However, estimates from the European Environment Agency (EEA) are that between 70 and 90 per cent of Europe’s floodplain area is now ecologically degraded as a result of human activity, particularly that which has taken place since the 1950s.


Climate change is also expected to hit floodplains hard, with some regions experiencing more frequent high intensity rainfall and others experiencing more frequent periods of drought, which will impact floodplains even more.


Changes to floodplains over the last 80 years or so have resulted in making floods more damaging, with waves now higher and able to travel faster because rivers have been straightened to drive improvements in navigation and transport. Larger amounts of fine sediment is also carried down rivers as a result, creating larger deposits than would happen naturally.


Other changes, including flood and water flow control, hydroelectricity and water supply, may have supported flood protection and economic growth, but the toll has also been taken on the natural environment.


Rivers are now disconnected from their floodplains, which has made them less effective for flood and drought mitigation, as well as for wildlife habitats and protection of water quality.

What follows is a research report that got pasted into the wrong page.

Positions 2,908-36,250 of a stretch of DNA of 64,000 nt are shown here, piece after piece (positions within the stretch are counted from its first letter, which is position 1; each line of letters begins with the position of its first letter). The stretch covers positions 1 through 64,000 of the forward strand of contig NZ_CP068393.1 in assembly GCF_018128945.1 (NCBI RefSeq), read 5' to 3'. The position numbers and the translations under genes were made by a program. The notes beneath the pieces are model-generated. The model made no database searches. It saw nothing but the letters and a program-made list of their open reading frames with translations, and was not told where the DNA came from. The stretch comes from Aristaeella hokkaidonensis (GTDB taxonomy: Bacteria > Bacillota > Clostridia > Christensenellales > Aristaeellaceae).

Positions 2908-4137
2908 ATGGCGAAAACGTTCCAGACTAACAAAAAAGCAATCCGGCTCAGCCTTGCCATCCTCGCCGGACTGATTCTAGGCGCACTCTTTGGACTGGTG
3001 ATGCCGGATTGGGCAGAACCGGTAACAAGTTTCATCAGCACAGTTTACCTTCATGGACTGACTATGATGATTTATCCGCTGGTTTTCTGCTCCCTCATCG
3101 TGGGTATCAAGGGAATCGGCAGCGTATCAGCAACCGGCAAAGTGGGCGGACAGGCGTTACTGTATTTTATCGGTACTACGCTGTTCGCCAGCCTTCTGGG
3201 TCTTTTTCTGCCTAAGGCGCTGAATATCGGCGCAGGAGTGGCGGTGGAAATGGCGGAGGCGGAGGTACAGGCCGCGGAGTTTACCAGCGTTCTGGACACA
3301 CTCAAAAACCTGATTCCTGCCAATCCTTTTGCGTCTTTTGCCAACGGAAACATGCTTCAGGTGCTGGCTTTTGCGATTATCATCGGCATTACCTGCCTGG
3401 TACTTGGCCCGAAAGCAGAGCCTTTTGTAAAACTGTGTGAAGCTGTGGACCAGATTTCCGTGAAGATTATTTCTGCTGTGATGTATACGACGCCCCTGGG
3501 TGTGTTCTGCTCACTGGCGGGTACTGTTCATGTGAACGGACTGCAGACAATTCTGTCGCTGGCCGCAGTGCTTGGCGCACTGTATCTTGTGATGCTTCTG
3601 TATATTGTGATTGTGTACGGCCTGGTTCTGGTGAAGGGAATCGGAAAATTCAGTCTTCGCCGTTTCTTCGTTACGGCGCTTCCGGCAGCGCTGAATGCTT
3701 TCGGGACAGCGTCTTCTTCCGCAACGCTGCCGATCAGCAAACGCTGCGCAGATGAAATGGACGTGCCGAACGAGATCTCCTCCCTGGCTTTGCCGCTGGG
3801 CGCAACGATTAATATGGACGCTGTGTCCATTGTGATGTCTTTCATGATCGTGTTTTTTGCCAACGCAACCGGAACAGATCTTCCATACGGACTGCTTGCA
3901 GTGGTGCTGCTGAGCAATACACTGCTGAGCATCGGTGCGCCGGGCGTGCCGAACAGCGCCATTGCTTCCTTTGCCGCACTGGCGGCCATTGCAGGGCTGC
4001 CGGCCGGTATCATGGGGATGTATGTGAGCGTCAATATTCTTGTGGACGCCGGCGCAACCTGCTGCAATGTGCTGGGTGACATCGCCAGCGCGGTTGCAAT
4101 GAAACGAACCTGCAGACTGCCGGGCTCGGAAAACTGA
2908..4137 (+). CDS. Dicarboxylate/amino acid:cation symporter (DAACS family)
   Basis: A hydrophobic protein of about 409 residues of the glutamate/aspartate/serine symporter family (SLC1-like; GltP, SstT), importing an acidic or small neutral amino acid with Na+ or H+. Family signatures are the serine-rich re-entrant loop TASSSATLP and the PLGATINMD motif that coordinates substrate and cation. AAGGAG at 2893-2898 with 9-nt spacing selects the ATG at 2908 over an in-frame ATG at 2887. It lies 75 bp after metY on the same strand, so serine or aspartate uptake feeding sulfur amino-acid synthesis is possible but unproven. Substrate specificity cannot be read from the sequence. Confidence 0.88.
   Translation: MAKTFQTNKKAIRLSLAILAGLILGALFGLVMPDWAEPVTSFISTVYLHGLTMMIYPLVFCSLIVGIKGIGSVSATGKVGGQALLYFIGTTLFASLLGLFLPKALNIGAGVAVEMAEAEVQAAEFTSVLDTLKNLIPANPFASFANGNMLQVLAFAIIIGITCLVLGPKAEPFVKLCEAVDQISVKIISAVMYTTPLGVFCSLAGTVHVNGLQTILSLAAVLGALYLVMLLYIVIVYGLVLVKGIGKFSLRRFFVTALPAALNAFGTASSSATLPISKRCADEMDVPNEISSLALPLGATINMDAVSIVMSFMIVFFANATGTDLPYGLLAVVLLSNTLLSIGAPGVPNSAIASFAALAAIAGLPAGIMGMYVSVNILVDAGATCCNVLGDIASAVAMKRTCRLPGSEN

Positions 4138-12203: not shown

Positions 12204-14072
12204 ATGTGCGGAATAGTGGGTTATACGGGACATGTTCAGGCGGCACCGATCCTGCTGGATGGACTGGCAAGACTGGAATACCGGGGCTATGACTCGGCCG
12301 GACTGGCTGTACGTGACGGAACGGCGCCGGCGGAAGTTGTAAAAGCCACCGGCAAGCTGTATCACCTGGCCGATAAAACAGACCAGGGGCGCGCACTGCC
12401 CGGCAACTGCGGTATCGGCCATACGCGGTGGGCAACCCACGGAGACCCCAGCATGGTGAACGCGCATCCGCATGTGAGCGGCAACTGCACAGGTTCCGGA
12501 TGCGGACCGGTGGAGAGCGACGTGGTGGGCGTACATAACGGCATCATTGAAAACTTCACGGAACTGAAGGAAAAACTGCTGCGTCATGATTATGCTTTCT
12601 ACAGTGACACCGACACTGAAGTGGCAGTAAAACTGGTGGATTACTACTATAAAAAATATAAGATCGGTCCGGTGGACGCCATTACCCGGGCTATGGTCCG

The EEA observes: “There is a link between the amount of natural floodplains and achieving the key objectives of European policies, in particular in the context of the Water Framework Directive, the Floods Directive and the Habitats and Birds Directives.


“Floodplain management or protection is encouraged but only indirectly required under European environmental policies, but floodplain health is important for achieving multiple European policy objectives. Many of these policies have not reached their objectives to date.”


Naturally and regularly flooded floodplains can provide a range of ecosystem services, including erosion control and prevention, water purification and denitrification, replenishment of groundwater reservoirs, flood management and habitat and species support.